The Syrian Conflict which began in 2011 when clashes began between the Assad government and opposition forces has had a profound effect on sectarian dynamics within Lebanon. In November 2013, the United States Institute of Peace published a Peace Brief in which Joseph Bahout assesses how the Syrian crisis has influenced Lebanon’s sectarian and political dynamics. Bahout argues that the Syrian turmoil is intensifying Sunni-Shia tensions on two levels: “symbolic and identity-based on the one hand, and geopolitical or interest based, on the other hand." Syria’s conflict has profoundly changed mechanisms of inter-sectarian mobilization in Lebanon: interest-based and “political” modes of mobilization are being transformed into identity-based and “religious” modes. Bahout notes that this shift is likely due to how these communities are increasingly perceiving themselves as defending not only their share of resources and power, but also their very survival. As the conflict grows more intense, the more the sectarian competition is internalized and viewed as a zero-sum game. Perceptions of existential threat exist among both the Shiite and Sunni communities throughout Lebanon: the continuation of the Syrian conflict will likely increase these perceptions over time.[22]

There are notable divisions within the Lebanese community along sectarian lines regarding the Syrian Civil War. The Shi'ite militant and political organization Hezbollah and its supporters back the Assad government, while many of the country's Sunni communities back the opposition forces. These tensions have played out in clashes between Sunnis and Shi'ites within Lebanon, resulting in clashes and deaths. For instance, clashes in the northern city of Tripoli, Lebanon left three dead when fighting broke out between Assad supporters and opponents.[33]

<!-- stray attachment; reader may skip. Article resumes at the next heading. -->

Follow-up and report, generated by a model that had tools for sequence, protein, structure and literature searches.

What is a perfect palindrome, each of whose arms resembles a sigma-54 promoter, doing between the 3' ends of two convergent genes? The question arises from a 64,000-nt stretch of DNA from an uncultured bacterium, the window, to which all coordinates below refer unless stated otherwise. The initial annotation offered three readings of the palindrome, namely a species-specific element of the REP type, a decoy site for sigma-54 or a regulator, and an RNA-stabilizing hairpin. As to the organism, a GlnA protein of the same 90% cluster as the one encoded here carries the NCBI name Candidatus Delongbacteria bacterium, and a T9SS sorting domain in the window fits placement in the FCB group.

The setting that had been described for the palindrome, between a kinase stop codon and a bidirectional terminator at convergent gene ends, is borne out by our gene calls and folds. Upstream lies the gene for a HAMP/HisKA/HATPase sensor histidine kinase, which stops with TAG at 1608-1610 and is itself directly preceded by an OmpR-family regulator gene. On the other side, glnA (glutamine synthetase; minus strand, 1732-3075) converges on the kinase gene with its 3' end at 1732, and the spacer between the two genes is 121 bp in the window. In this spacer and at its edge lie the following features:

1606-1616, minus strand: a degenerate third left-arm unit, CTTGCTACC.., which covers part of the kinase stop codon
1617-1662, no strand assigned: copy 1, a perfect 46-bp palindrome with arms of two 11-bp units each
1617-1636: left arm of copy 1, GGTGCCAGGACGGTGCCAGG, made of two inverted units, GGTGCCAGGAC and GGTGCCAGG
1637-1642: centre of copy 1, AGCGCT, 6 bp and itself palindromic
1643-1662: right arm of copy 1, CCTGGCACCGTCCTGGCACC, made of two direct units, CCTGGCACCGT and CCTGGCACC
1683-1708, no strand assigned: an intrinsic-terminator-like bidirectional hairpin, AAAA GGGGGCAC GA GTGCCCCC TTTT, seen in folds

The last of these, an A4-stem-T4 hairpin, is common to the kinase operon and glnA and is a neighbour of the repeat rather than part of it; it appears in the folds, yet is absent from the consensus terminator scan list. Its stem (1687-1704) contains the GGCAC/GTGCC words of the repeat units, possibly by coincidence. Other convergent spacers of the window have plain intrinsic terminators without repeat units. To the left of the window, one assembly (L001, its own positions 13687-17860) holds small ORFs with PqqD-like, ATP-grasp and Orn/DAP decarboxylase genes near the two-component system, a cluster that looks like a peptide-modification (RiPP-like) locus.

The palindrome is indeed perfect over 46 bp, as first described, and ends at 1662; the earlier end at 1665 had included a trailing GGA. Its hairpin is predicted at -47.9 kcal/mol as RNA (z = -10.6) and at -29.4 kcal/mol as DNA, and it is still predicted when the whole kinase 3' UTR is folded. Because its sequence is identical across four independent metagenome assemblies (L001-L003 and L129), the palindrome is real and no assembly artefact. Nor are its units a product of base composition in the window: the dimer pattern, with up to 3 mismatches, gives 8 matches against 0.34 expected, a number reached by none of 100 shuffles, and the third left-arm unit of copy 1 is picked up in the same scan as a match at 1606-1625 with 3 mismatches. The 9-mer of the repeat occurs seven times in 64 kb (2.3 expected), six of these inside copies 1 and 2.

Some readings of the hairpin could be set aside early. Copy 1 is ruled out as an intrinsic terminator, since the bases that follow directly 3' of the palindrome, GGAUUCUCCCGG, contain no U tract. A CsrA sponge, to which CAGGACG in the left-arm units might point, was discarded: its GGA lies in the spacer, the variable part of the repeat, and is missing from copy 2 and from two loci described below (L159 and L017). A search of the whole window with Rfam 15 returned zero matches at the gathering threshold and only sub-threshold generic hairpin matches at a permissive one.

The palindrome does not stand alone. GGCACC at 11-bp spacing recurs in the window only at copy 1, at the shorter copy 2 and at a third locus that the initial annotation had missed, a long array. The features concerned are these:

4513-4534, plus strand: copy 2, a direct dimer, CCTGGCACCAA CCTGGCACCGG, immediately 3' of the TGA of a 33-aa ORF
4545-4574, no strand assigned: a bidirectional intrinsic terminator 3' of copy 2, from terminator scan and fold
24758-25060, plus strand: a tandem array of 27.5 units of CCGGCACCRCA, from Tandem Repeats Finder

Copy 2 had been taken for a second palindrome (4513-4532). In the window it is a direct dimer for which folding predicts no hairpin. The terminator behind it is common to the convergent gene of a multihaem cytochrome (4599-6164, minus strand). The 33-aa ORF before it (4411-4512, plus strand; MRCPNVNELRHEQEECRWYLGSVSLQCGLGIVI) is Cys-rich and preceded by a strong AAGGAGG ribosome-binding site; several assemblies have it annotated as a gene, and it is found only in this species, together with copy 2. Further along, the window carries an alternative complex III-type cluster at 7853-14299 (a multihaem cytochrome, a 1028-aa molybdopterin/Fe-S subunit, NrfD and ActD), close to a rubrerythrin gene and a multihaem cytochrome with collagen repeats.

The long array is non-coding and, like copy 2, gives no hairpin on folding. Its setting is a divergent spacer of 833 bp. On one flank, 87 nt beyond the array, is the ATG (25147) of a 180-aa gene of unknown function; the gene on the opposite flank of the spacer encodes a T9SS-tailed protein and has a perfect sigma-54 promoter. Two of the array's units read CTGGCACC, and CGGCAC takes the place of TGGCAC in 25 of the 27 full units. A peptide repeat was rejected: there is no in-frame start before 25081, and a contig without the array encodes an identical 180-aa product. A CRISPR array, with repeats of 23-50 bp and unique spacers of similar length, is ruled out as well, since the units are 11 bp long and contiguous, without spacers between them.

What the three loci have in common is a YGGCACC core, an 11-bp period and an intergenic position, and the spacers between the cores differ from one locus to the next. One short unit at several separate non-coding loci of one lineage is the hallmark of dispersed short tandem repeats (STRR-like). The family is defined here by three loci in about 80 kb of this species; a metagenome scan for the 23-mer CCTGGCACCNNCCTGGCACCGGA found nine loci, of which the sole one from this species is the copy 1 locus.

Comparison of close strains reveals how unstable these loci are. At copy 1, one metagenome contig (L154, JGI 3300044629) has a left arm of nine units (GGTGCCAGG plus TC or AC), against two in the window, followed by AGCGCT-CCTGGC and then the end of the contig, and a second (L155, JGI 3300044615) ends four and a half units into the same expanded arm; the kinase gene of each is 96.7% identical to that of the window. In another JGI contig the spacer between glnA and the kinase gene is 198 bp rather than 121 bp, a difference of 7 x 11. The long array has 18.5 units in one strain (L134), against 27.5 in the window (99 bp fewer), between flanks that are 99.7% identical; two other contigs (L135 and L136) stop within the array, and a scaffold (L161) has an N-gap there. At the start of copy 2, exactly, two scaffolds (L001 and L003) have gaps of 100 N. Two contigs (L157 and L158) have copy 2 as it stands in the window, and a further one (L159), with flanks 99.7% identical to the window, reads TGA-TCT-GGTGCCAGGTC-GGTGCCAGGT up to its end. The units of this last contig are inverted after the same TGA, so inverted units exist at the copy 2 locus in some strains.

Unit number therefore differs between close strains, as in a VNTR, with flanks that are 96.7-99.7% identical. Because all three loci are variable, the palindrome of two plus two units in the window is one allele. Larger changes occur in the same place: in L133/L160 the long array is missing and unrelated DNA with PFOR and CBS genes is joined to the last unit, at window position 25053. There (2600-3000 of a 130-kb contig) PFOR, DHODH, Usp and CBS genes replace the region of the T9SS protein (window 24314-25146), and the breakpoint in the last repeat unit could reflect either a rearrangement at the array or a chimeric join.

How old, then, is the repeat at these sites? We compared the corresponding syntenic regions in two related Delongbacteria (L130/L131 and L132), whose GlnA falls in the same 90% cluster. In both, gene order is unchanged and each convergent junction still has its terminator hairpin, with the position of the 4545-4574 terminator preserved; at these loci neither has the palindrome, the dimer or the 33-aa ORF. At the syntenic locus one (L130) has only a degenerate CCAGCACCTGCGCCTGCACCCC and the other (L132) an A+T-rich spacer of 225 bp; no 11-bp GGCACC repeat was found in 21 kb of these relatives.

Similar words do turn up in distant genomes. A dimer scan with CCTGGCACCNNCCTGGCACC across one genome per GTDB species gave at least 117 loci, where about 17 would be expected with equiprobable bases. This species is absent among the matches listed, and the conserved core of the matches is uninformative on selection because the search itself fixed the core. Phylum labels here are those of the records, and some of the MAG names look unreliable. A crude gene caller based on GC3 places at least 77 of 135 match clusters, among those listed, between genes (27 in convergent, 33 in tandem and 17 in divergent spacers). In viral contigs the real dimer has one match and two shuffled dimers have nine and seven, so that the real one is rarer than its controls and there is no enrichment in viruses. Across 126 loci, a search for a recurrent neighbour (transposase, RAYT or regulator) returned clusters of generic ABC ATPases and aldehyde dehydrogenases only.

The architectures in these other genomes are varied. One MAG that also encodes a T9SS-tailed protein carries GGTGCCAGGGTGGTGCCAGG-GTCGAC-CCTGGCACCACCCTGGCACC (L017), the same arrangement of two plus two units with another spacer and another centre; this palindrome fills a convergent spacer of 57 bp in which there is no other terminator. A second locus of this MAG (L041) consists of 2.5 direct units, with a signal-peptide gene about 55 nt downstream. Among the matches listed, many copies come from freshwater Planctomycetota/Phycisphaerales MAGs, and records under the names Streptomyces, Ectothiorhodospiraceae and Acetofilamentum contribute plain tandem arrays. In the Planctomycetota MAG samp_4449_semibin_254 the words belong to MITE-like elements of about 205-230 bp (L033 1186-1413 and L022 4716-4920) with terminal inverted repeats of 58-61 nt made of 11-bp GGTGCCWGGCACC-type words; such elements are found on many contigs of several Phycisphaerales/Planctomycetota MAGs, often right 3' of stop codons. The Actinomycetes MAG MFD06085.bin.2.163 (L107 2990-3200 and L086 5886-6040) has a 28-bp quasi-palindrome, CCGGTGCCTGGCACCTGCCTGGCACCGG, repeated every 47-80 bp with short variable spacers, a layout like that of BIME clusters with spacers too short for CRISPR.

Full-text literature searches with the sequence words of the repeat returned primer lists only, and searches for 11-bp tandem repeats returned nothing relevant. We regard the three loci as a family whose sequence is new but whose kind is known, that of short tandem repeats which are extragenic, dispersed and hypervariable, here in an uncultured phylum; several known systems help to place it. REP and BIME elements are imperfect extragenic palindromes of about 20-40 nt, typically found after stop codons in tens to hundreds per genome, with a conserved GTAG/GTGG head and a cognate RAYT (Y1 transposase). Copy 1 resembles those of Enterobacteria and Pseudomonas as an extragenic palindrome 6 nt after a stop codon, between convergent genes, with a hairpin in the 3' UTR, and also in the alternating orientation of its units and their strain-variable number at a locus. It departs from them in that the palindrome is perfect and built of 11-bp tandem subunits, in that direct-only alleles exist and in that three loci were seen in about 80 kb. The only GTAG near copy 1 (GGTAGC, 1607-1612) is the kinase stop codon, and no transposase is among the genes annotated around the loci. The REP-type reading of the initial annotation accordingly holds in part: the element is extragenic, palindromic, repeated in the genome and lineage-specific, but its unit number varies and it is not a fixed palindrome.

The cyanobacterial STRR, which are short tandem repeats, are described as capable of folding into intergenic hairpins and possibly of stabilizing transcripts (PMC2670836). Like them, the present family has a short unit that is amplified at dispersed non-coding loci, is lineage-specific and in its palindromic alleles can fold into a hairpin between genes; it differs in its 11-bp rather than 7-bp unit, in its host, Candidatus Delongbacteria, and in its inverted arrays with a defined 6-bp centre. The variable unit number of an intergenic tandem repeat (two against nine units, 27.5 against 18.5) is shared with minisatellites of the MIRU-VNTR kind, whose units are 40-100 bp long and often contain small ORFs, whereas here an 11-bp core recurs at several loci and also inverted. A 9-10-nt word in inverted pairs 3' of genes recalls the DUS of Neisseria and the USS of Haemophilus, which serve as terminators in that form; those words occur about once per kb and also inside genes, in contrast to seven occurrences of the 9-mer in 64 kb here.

The largest concentration of Syrian refugees, close to one million people as of April 2014, can be found in Lebanon and has resulted in a population increase by about a quarter. According to the United Nations, the massive influx of refugees threatens to upset the “already fragile demographic balance between Shi’ites, Sunnis, Druze, and Christians.”[34] The Lebanese government faces major challenges for handling the refugee influx, which has strained public infrastructure as Syrians seek housing, food, and healthcare at a time of economic slowdown in Lebanon.

For background on Syria-Lebanon relations, see Lebanon-Syria relations.

Political sectarianism

In the political realm, to describe a group as "sectarian" (or as practising "sectarianism") is to accuse them of prioritizing differences and rivalries with politically close groups. An example might be a communist group who are accused of devoting an excessive amount of time and energy to denouncing other communist groups rather than their common foes.

The Monty Python film The Life of Brian has a well-known joke in which various Judean groups, indistinguishable to an outsider, are more concerned with in-fighting than with their nominal aim of opposing Roman rule.

See also


  1. "John F. Kennedy and Religion". Retrieved 29 July 2015.
  2. "Lahore bomb raises sectarian questions". BBC News. January 10, 2008. Retrieved May 23, 2010.
  3. "HTR - Day of Reflection - Home". Retrieved 29 July 2015.